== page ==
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The Pope and the Rabbits

 

In the plane returning from the Philippines, Pope Francis spoke about “responsible paternity.”
Pope Francis is hardly adept at ecclesiastical double-speak, skilfully manipulated by those eager not to say too much. The press conferences he has given to journalists during his trips have notably been the occasion for a few bewildering formulas that reveal his South American temperament. There were the women in the Church, compared to the strawberry on the cake; Europe’s lack of enthusiasm, assimilated to a tired-out grandmother; the punch he could give to any friend who insulted his mother, etc. These colorful expressions, used in a joking tone, have broken the traditional codes of pontifical communication, delighting the media and disconcerting members of the faithful who remain attached to a more solemn image of the papal function.
Indeed, some formulas, taken literally, could be offensive. That will surely be the case of the vocabulary the pope used to explain that Catholic couples are invited to practice “responsible paternity”(incidentally, today it might be better to speak of “responsible parenthood”): these households, he said, should not feel they are obliged to “mass-produce” children “like rabbits.”Parents of very large families (whether by choice or not) are not going to recognize themselves in this animal comparison, which the pope excused himself for making, by the way. Others, on the contrary, will be relieved by it.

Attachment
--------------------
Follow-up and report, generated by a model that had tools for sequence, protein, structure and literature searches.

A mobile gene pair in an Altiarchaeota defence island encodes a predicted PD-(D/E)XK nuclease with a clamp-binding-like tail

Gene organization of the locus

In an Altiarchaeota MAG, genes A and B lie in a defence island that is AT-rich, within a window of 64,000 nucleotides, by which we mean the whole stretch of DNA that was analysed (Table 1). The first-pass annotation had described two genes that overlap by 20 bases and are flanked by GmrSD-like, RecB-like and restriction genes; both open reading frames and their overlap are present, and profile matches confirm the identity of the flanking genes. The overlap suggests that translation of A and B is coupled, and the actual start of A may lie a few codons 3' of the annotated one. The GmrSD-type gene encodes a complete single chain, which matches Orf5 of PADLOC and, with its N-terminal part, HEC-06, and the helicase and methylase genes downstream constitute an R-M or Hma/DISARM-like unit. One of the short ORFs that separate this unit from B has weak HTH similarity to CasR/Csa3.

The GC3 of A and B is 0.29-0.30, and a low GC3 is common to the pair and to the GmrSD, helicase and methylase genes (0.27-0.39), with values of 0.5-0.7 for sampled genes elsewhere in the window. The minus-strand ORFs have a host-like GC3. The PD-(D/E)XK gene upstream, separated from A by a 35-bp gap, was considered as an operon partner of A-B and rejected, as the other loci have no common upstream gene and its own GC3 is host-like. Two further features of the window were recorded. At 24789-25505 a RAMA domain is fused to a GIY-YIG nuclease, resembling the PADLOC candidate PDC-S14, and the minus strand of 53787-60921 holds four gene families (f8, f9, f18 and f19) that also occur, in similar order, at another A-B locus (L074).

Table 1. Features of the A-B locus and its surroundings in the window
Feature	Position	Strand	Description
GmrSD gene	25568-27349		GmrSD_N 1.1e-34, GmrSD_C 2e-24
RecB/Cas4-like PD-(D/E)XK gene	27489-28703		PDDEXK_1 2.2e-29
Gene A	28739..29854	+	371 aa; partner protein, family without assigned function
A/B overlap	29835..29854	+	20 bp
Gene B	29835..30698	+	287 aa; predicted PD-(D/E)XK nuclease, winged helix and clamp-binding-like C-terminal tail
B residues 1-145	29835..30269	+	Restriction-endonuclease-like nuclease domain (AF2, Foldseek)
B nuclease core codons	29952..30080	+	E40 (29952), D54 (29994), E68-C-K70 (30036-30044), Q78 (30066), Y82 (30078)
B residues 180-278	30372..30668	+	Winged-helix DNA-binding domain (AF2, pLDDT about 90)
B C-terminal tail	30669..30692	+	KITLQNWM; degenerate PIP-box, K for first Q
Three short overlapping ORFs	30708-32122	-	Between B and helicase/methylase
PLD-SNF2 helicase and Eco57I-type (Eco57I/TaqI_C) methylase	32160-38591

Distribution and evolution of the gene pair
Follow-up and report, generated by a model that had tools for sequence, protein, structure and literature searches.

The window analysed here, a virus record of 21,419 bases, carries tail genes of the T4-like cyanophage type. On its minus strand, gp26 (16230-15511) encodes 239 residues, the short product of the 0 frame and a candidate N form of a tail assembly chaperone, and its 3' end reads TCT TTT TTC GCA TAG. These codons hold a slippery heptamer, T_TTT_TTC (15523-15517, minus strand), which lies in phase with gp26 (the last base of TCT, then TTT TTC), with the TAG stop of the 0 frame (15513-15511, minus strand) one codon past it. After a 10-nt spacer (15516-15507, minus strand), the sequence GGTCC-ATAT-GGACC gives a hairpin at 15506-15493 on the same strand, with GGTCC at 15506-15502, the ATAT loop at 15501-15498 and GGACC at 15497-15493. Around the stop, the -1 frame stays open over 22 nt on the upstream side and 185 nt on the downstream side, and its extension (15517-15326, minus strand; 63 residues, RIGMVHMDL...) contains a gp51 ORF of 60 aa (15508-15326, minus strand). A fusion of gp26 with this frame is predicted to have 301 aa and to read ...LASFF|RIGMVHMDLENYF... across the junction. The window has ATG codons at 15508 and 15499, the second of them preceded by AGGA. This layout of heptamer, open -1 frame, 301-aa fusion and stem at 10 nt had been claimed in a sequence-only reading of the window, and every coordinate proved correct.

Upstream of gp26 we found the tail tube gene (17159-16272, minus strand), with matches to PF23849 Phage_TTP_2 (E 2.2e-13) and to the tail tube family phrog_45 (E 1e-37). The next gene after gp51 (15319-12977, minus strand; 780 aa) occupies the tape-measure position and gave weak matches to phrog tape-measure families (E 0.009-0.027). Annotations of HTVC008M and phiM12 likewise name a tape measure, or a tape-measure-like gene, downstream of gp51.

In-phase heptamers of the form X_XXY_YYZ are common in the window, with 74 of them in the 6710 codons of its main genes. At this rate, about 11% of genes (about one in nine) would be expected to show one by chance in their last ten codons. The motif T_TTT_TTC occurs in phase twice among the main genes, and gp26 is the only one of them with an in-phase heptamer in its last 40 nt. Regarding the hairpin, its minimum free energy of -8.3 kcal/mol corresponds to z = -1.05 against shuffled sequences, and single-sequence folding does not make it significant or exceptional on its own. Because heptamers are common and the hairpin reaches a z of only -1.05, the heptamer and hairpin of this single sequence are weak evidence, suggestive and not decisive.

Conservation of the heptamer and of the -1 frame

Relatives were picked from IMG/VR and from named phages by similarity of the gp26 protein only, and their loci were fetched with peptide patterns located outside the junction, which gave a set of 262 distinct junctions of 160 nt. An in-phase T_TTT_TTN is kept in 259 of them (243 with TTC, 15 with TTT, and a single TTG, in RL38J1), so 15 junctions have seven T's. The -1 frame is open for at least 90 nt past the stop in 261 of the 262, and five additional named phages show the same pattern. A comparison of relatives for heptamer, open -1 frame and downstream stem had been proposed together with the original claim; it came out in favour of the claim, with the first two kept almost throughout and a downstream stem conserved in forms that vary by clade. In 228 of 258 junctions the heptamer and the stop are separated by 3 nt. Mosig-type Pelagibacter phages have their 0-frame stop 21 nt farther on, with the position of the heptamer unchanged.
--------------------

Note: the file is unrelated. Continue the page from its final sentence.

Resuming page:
Beyond the words — addressed to a broad audience, they are deliberately demonstrative — the pope recalled the two main teachings of the Catholic Church on procreation. The first is often caricatured and that caricature was what he was trying to show. He insisted on the importance of couples who are open to life, resisting a “Malthusian” mentality, particularly in very poor countries, where the authorities are tempted to “impose” a limitation on births. At the same time, he emphasized that parents have a right to decide the number of children they feel capable of receiving (he explicitly avoided the question of methods of control). Behind the shock value of the formula, what each couple should hear is a call for responsibility.